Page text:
Remember this well: no matter what you do, do not brag.

Do not whine. Or be self-indulgent, either.

This one is somewhat controversial, depending on how you want to define the word "whine." When submitting a project to Diamond, or anyone, it is fine to say things like "This is my life's work (or Dream)." However, keep that sentiment short and sweet; don't expand on it.

Don't write a page on why it is your dream, how your family loves everything you do, how everyone tells you how great your work is and that you're bound to make it big. Don't write your life story, then try to convince Diamond to carry your title.

This is considered, at best, mushy. At worst, it's sentimental – maybe even "whining" – and is unprofessional. It is definitely not what Diamond expects, or wants, to hear.

To be blunt, Diamond doesn't care about your dreams, what your family thinks, or how many people you know say that you're going to be a big star. If you spend your time telling Diamond about your hopes, dreams and how badly you want this rather than what you're supposed to be discussing, the project, you'll find the rejection pile fairly quickly.

Do not send in a poor presentation.

While it can be debated as to what makes a "complete, professional submissions package," what makes a poor presentation, or poor submissions package, should be common knowledge. Unfortunately it isn't, and poor submissions are made every day and rejected. Most of these poor submissions usually suffer from the two above-mentioned points (bragging, whining), from incomplete submission packages, and a poor – or missing – cover letter.

This is your chance to shine and impress, so you need to put your best foot forward. A cover letter that does exactly what is mentioned above (bragging or whining, being self-indulgent), comes across as poor and unprofessional. Avoid this.

The other problem with cover letters is that some packages are submitted without a cover letter. You can do this and not be considered unprofessional, but it doesn't help you, either.

A cover letter is the ideal way to do two things: give some info on your project or product and tell Diamond how to contact you. (Yes, before you ask the question: direct info about the project and how to contact you are far more important than telling them all about you, the person.)

(Cover letters will be covered in greater detail in my next column, "What is the best way to submit to Diamond - Part Two - What and How to Submit.")

But the biggest problem for you is that of a poor presentation. This usually is because the presentation isn't complete, or because of sloppiness.

Per its website, Diamond wants specific info. Give Diamond that info. All of it!

Diamond wants this for a reason, and it's not just to make you jump through hoops. So if Diamond wants something, send it – this can only benefit you in the long run. Diamond wants to see a complete book, but if that's not available, Diamond needs to see the art.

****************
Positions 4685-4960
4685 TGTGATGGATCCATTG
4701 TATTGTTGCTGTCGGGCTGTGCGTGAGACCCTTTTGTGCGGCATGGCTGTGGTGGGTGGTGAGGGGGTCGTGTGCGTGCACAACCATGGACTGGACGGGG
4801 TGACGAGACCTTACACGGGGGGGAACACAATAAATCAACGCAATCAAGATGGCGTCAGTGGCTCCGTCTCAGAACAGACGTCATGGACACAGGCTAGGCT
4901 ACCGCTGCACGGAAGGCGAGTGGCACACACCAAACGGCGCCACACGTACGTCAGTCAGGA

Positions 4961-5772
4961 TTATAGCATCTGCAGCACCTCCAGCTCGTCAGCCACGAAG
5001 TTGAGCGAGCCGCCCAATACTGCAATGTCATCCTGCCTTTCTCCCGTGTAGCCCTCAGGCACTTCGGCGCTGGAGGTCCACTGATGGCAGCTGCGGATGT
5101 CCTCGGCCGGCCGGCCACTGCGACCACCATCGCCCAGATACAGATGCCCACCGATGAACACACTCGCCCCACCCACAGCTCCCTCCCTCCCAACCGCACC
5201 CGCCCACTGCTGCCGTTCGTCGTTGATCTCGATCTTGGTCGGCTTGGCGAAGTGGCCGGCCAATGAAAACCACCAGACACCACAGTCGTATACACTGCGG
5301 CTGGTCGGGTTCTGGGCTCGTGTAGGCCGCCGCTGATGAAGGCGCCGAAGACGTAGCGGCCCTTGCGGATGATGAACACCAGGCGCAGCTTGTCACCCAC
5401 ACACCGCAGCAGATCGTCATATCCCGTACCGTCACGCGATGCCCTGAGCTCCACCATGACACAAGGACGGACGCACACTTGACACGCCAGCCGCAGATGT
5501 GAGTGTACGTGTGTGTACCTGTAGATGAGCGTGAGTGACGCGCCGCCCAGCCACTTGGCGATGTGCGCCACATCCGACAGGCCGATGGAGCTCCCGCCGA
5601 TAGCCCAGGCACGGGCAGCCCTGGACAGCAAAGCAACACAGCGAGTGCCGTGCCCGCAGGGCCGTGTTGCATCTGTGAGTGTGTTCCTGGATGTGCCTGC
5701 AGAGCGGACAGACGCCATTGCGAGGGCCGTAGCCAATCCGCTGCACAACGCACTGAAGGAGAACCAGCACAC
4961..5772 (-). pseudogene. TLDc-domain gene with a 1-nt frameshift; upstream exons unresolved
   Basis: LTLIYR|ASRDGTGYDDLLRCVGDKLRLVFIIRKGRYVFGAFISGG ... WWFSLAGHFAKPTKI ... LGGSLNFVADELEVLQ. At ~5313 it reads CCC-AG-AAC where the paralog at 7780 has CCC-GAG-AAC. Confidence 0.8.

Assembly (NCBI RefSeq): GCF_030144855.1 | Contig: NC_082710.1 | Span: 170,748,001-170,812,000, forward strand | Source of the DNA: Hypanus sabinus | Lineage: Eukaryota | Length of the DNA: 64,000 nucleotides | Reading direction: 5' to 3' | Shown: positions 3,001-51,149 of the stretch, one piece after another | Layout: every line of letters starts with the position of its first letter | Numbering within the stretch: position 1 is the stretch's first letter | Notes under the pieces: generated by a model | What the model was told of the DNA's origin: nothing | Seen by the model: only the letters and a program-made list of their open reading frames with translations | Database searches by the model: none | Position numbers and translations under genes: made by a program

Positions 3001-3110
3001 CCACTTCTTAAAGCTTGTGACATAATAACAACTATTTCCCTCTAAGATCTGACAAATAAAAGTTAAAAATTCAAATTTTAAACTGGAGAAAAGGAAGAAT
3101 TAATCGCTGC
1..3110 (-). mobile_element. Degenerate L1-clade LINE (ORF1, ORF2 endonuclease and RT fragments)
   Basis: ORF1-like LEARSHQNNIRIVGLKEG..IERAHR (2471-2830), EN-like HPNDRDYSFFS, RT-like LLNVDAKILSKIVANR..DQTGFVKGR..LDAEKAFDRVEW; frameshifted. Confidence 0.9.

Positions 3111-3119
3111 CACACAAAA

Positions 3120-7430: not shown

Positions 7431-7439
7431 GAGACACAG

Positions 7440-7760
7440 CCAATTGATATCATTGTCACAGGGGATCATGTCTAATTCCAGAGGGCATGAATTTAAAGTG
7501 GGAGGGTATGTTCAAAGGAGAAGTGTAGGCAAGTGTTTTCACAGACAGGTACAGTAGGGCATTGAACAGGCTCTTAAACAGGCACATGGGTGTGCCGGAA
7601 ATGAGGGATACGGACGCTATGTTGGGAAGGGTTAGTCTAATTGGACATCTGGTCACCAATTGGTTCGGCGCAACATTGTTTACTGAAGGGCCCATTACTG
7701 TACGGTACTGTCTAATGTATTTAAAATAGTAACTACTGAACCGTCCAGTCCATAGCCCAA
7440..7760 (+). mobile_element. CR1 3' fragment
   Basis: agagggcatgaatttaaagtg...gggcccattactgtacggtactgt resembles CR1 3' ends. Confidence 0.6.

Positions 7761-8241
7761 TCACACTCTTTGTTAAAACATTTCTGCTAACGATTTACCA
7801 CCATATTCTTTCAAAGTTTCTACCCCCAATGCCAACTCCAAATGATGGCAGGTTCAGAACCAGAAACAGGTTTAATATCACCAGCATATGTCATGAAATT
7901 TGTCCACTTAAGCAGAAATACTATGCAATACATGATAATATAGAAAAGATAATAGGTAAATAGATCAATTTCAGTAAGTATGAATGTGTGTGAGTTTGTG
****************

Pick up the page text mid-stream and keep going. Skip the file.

Do not send in five or six pages and let Diamond know that more is "available if Diamond is interested." They won't be. Diamond is not going to go to you looking for your submission.

Instead, if you have the first issue to a mini-series or ongoing series completed, or a graphic novel; send in that entire first issue or graphic novel. Even if it is only copies of the art, do that. If it is inked and colored, send in the colored piece. Remember, send the full issue or graphic novel.

Sloppiness is another issue, and the easiest to take care of. Do not shove everything loosely into an envelope; this is never good. It should be organized, nice and neat so the person reviewing the submission can find things easily.

This is not traditional publishing, where staples, clips and bindings of any sort are traditionally frowned upon (though this is starting to change). Diamond has no steadfast rules that state: Do not staple. Nothing like this is on its website, either. So, go ahead and use staples, clips, folders, or whatever works to keep your project neatly organized. Label each page. Staple, clip or use a folder to keep things together and in order.

If Diamond opens the envelope and your package spills out all over the place, or if things are just badly disorganized in the first place, don't think the submissions person is going to automatically take the time to pick up and organize your package for you. They might, but odds are this will already be a strike against you. If they now have to organize twenty-two or fifty pages of art into the correct order, it won't look good. And it won't matter if every page is properly labeled and numbered - this is a time waster. The reviewer's time should be spent reviewing your project, not reorganizing a disorganized, sloppy package.

Time is money. Time is valuable. At any business, time is a valuable commodity. If Diamond's people have to spend their time organizing a sloppy presentation, or going through a presentation that is missing materials, then they might consider your presentation time wasted.

And if you waste Diamond's time, guess what?

While many of the above points may sound silly, people approach Diamond (and publishers and other business companies) like this all the time. Why do you think Diamond knows what they don't want, and what things to look for that will get your project in the reject pile in record time?

At any rate, this is only a jumping-off point. You need to go beyond what is listed here. Consider that you are Diamond. Think about what you would want to see, and what you would not want to see. Make a list of both. Keep to that list, if there is something you would not want to see, avoid doing that.

Okay, that is what not to do. What about what to do? How are you supposed to successfully submit a project to Diamond?

That is the Burning Question now, isn't it?

Until next time,

Ace.